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NEWS ...continued from page 1 Editorial office: Elsevier Advanced Technology PO Box 150 Kidlington, Oxford OX5 1AS, United Kingdom Tel:+31 20 485 2145 Fax: +44 (0)1865 853971 E-mail: [email protected] Website: www.compseconline.com Editor: Terry Ernest-Jones Senior Editor: Sarah Gordon International Editoral Advisory Board: Dario Forte, Edward Amoroso, AT&T Bell Laboratories; Fred Cohen, Fred Cohen & Associates; Jon David, The Fortress; Bill Hancock, Exodus Communications; Ken Lindup, Consultant at Cylink; Dennis Longley, Queensland University of Technology; Tim Myers, Novell; Tom Mulhall; Padget Petterson, Martin Marietta; Eugene Schultz, Hightower; Eugene Spafford, Purdue University; Winn Schwartau, Inter.Pact

Spyware spikes in northern Europe European findings

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Network Security

In the fourth quarter of 2005, the average number of spies per consumer PC was: 21.6 in the UK; 20.3 in Norway; 19.1 in Sweden. But only 9.2 in Italy; 9.6 in France; 10.1 in Germany; and 13.1 in Spain. Between the third and fourth quarter of 2005, the average number of spies per European consumer PC increased by 37% in Norway, and 19% in the UK. Germany was not far behind the UK, with a 16% increase, but France was down 3%. In terms of Trojans per 1,000 consumer PCs, Sweden and Norway lead the pack with 263% and 219% respective increases from Q3 to Q4.

The complete State of Spyware Report is available at www.webroot.com/sosreport

Fine-tuning for Olympic IT security SA Mathieson


ontractor Atos Origin sees no attacks, just a few accidental disconnections.

IT security for the Turin Winter Olympics has involved fine-tuning systems built over several games, rather than any dramatic changes, according to the official responsible. Patrick Adiba, Atos Origin’s executive vicepresident for the Olympics and major events, said work on IT security for the Turin games has involved incremental changes, such as altering an alert system so that if a number of pieces of similar hardware all report the same problem, this is treated as a single issue rather than many identical ones. “The main changes are adjustments to the system, so there is no big technical gap or step. It’s more getting technology to work in a smooth manner and the IT systems more efficient,” said Adiba from Turin. He added that “we haven’t seen anything that looks like an attack” on the games’ internal network, which supports functions including results, competitor information and accreditation, although a few alerts were generated by accidental disconnections of equipment during installation. This internal network is kept separate from the internet, with the official web-site run externally.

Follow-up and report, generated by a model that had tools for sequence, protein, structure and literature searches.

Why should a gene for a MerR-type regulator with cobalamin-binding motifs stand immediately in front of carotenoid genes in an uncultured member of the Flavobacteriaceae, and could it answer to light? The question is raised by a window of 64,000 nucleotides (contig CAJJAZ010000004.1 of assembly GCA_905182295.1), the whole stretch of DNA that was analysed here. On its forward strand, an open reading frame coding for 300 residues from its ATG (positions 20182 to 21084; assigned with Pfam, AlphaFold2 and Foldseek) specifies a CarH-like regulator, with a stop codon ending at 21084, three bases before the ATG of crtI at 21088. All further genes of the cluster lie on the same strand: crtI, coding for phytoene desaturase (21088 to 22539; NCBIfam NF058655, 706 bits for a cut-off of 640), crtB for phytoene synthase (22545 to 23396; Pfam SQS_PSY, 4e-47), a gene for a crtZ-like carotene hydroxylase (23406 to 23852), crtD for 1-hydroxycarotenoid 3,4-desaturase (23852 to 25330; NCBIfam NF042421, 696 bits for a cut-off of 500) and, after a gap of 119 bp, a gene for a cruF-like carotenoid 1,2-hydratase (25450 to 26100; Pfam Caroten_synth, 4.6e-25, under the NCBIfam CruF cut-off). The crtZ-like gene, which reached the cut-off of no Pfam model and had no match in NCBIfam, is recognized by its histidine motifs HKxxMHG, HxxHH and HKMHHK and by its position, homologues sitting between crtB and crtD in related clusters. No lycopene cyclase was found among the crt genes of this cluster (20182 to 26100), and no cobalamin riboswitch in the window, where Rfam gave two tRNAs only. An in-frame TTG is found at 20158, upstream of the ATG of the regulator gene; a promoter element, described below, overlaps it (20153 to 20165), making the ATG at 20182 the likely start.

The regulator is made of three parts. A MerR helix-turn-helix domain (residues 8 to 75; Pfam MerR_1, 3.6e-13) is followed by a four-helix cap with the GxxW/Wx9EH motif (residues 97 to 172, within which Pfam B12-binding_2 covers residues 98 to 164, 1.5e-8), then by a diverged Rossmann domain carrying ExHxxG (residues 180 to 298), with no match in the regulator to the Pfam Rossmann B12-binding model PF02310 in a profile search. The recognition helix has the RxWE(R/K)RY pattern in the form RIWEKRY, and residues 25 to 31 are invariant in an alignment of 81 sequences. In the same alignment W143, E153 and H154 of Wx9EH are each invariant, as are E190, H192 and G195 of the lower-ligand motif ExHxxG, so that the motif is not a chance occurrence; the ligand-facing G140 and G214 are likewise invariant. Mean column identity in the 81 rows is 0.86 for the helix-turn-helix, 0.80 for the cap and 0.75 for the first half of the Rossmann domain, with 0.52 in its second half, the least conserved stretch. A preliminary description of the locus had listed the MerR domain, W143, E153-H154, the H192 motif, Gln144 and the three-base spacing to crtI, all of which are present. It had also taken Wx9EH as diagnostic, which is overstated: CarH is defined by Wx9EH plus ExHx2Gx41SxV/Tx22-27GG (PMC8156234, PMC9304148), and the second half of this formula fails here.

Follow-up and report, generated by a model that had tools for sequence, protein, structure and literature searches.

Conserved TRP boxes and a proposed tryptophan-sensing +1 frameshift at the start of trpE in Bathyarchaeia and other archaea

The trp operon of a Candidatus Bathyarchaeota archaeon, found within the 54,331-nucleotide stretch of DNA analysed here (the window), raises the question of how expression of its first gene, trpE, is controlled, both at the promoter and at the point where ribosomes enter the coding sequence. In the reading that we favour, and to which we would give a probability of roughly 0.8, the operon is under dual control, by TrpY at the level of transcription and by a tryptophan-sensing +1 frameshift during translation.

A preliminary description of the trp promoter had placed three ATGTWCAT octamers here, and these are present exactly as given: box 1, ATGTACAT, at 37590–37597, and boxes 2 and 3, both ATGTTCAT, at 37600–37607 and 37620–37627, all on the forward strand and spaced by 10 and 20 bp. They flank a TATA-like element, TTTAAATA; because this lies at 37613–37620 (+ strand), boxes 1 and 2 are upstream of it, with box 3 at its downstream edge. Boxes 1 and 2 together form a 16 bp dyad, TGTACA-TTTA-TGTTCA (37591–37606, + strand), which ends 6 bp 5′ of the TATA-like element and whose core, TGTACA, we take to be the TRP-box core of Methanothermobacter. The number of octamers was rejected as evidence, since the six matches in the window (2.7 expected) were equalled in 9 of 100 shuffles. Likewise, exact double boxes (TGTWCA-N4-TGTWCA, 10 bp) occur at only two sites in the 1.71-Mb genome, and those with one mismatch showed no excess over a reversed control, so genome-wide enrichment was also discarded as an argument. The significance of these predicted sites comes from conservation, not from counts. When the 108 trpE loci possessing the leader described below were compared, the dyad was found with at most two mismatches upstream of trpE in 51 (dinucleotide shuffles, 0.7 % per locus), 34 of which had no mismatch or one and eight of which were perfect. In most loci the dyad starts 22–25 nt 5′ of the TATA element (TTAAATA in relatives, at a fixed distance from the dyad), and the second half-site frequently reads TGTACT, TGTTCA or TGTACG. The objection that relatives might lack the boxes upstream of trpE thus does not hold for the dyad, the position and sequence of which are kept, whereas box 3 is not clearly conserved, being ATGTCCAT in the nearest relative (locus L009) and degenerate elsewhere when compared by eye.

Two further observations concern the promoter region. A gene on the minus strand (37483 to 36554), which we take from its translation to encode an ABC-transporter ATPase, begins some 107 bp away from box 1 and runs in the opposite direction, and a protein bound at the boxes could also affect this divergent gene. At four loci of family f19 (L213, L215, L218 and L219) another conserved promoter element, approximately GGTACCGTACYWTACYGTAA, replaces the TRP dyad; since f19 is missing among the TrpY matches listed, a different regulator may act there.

Adiba stresses the importance of careful testing, preferring proven technologies to brand-new ones. Turin sees the Olympics change operating system, but from Windows NT to 2000 rather than Windows XP, as this decision was taken several years ago to allow for around 100,000 hours of IT testing. The testing culminated in Test Rehearsal 2 last December, in which a shadow team created problems for the real IT team to solve. “We ran about 500 scenarios during TR2,” said Adiba. “We had to fine-tune a few processes on security. Part of what we tried to do was remove false positives, alarms that weren’t really alarms.” This included combining identical alerts from similar hardware. Atos Origin has provided the internal IT for Olympics and Paralympics since Salt Lake City’s Winter Games of 2002, under a 2000 contract with the International Olympic Committee with undisclosed terms. Last year, this was extended to cover the London Games of 2012.

Gates and McNeally commit to sharing on Valentine’s Day Brian McKenna


ndustry giants crack accidental shooting jokes at RSA.

Bill Gates told the RSA conference Microsoft will continue to offer leadership to the IT industry on security. The forthcoming Windows Vista OS will be strongly secure, he said: “security is the area that jumps out as the thing we have spent the most time on”. Microsoft’s chairman and chief software architect stressed successes in the war against spam, and urged his audience to drive wider deployment of SenderID. And he highlighted the additional of computational proof to emails in new versions of Outlook as an antispam move. He also demonstrated the information bar in Internet Explorer 7 turning either red or green as warning or assurance. His company would, he said, share more of its expertise in future. His address to the RSA conference in San Jose spoke of Microsoft’s commitment to a ‘trust ecosystem’, to engineering for security, and to making platforms secure. Gates opened his keynote by wishing delegates Happy Valentine’s Day, and mentioning his other invitation: to go hunting with the hapless Dick Cheney. ...continued on back page

February 2006